Welcome to Unit 1: The Early Modern Period (pre-1800)
In this unit, we will examine Nestorian Christianity in China, the Mongol Mission, and the Jesuit Mission.
Coming from the West, Nestorianism satisfied the curiosity as well as religious pursuit of the Tang Chinese. It became popular in some areas for about two hundred years. But when a major persecution of “foreign religions” was carried out in the middle of the ninth century, Nestorian Christianity was swept away from central China.
Then, Christianity would have to wait nearly four hundred years to be brought to China again when the Mongols created the “pax mongolica” that provided Christian missionaries with sufficient security to travel to China. For the first time, European missionaries came to the Mongols, and eventually reached China proper, with a political and religious mission in the middle of the thirteenth century.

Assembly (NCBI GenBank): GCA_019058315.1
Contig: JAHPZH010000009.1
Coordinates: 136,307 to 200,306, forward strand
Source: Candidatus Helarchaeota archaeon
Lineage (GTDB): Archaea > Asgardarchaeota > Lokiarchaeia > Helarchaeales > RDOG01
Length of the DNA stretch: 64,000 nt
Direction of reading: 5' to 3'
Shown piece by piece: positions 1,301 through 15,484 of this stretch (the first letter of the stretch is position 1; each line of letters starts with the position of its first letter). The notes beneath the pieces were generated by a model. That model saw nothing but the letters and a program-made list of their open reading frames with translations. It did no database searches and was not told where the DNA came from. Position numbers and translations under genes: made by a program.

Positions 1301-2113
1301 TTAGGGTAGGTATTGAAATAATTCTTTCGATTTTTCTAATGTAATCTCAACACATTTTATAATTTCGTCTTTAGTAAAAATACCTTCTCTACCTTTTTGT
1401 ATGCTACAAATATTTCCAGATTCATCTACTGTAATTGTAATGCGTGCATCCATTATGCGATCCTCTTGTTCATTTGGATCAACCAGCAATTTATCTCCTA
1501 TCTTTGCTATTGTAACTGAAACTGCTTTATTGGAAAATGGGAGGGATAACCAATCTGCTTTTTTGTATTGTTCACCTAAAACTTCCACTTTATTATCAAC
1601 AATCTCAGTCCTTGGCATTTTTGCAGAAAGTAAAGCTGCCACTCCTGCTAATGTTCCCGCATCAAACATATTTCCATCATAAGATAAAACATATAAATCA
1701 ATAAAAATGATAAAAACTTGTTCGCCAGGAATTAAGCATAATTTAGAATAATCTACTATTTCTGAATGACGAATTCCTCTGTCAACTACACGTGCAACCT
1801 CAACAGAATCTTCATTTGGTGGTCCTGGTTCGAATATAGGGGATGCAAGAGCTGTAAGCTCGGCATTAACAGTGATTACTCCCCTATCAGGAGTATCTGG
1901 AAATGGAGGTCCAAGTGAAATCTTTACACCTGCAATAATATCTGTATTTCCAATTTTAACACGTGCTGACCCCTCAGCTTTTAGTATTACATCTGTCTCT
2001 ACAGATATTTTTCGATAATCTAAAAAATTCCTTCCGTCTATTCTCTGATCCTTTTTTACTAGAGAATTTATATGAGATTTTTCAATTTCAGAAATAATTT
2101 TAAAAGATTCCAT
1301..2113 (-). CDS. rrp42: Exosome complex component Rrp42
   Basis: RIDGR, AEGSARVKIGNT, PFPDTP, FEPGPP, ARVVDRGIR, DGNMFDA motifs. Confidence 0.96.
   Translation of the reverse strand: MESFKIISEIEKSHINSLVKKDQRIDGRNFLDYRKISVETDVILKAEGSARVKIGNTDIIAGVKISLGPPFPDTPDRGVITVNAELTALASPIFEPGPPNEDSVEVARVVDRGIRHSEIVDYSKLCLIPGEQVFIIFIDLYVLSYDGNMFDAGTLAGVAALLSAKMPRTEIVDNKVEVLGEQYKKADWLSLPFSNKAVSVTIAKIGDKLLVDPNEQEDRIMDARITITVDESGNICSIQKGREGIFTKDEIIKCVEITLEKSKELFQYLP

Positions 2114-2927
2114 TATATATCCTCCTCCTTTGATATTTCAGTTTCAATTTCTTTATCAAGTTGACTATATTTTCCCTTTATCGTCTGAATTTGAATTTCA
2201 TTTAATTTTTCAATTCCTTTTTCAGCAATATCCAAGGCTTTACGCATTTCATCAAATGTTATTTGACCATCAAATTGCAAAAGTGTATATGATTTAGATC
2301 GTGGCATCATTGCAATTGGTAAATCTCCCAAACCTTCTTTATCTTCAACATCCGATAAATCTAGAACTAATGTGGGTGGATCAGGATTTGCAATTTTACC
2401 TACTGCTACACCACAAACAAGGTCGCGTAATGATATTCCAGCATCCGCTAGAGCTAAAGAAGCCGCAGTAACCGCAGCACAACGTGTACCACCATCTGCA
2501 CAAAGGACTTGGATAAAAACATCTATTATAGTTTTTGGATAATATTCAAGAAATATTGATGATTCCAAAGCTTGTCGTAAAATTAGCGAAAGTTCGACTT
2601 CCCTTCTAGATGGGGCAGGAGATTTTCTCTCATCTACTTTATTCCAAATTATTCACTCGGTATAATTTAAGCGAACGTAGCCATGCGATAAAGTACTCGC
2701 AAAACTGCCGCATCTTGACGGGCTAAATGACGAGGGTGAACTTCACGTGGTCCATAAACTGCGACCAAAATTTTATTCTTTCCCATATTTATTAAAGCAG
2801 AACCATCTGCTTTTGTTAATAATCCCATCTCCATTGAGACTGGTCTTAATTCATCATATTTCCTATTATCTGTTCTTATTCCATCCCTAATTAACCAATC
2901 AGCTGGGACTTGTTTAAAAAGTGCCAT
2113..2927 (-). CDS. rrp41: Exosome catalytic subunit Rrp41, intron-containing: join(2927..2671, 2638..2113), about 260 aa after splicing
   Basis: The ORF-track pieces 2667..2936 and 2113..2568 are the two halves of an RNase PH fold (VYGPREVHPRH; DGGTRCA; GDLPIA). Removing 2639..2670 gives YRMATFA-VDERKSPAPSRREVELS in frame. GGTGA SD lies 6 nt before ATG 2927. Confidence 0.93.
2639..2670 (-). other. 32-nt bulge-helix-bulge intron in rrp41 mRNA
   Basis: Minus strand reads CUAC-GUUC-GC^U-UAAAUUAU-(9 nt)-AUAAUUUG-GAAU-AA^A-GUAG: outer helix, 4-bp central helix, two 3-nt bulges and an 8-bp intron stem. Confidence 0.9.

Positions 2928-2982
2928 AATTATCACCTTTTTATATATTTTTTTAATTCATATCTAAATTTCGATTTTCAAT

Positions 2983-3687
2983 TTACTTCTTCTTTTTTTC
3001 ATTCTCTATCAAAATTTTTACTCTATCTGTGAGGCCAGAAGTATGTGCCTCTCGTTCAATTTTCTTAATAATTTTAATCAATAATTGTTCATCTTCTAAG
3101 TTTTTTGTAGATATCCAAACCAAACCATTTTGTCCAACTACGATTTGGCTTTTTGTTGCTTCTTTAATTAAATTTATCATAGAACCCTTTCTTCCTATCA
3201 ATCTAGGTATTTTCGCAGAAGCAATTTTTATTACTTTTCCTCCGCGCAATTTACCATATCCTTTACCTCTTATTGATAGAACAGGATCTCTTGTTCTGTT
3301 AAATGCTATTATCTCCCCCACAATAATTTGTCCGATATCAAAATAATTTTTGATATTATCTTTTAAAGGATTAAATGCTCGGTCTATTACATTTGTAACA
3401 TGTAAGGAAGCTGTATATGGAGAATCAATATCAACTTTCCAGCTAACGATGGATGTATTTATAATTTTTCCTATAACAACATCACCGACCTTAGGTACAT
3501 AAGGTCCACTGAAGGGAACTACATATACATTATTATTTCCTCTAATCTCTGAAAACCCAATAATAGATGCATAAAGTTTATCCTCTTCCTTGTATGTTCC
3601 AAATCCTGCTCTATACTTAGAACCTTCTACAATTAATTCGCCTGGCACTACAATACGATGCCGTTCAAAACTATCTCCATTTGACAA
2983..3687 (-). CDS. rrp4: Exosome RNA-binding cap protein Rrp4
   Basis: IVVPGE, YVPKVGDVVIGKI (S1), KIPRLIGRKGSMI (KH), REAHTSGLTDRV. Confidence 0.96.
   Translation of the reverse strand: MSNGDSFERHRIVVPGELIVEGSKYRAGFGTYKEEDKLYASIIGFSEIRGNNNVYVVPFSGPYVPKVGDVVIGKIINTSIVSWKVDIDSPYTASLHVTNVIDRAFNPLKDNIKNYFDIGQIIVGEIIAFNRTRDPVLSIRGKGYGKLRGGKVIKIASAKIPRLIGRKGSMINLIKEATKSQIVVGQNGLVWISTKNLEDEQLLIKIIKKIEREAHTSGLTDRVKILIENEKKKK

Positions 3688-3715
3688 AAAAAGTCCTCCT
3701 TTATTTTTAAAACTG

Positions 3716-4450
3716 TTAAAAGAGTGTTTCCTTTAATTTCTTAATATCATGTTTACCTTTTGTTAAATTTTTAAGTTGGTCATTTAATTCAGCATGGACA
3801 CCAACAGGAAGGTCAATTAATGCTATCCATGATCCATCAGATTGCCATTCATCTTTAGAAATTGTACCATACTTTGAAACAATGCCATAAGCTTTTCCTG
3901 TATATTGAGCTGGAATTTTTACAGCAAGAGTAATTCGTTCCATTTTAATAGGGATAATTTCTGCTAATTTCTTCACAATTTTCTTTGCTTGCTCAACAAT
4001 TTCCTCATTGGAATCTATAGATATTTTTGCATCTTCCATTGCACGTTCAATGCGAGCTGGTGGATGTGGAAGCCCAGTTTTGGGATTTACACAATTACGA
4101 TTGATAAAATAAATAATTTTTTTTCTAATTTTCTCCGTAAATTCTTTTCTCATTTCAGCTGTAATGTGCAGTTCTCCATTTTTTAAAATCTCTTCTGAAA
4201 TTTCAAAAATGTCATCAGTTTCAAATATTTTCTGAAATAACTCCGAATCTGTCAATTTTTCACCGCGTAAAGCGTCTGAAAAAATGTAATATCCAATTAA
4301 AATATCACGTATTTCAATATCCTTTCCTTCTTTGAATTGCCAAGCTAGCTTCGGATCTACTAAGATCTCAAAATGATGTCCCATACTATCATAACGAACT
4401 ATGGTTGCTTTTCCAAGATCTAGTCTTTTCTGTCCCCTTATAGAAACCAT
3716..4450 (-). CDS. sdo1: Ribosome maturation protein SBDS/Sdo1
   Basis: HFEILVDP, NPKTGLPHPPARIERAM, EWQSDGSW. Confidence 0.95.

The third advent of Christianity in China, in which Christianity in China became a permanent part of the Chinese religious landscape, took place in the sixteenth century. It constituted a key transition in the worldwide serial movement of the Christian faith to parts of the non-West. The “Catholic Reformation,” the expansion of the European seaborne empires, all helped shape Christianity in China this time. The first comers to the China mission field in the sixteenth century, the Jesuits, highly adapted Christianity to the Chinese culture and traditions, and evangelized by means of science and technology.
Continue on in this unit for more insights into these three important historical movements.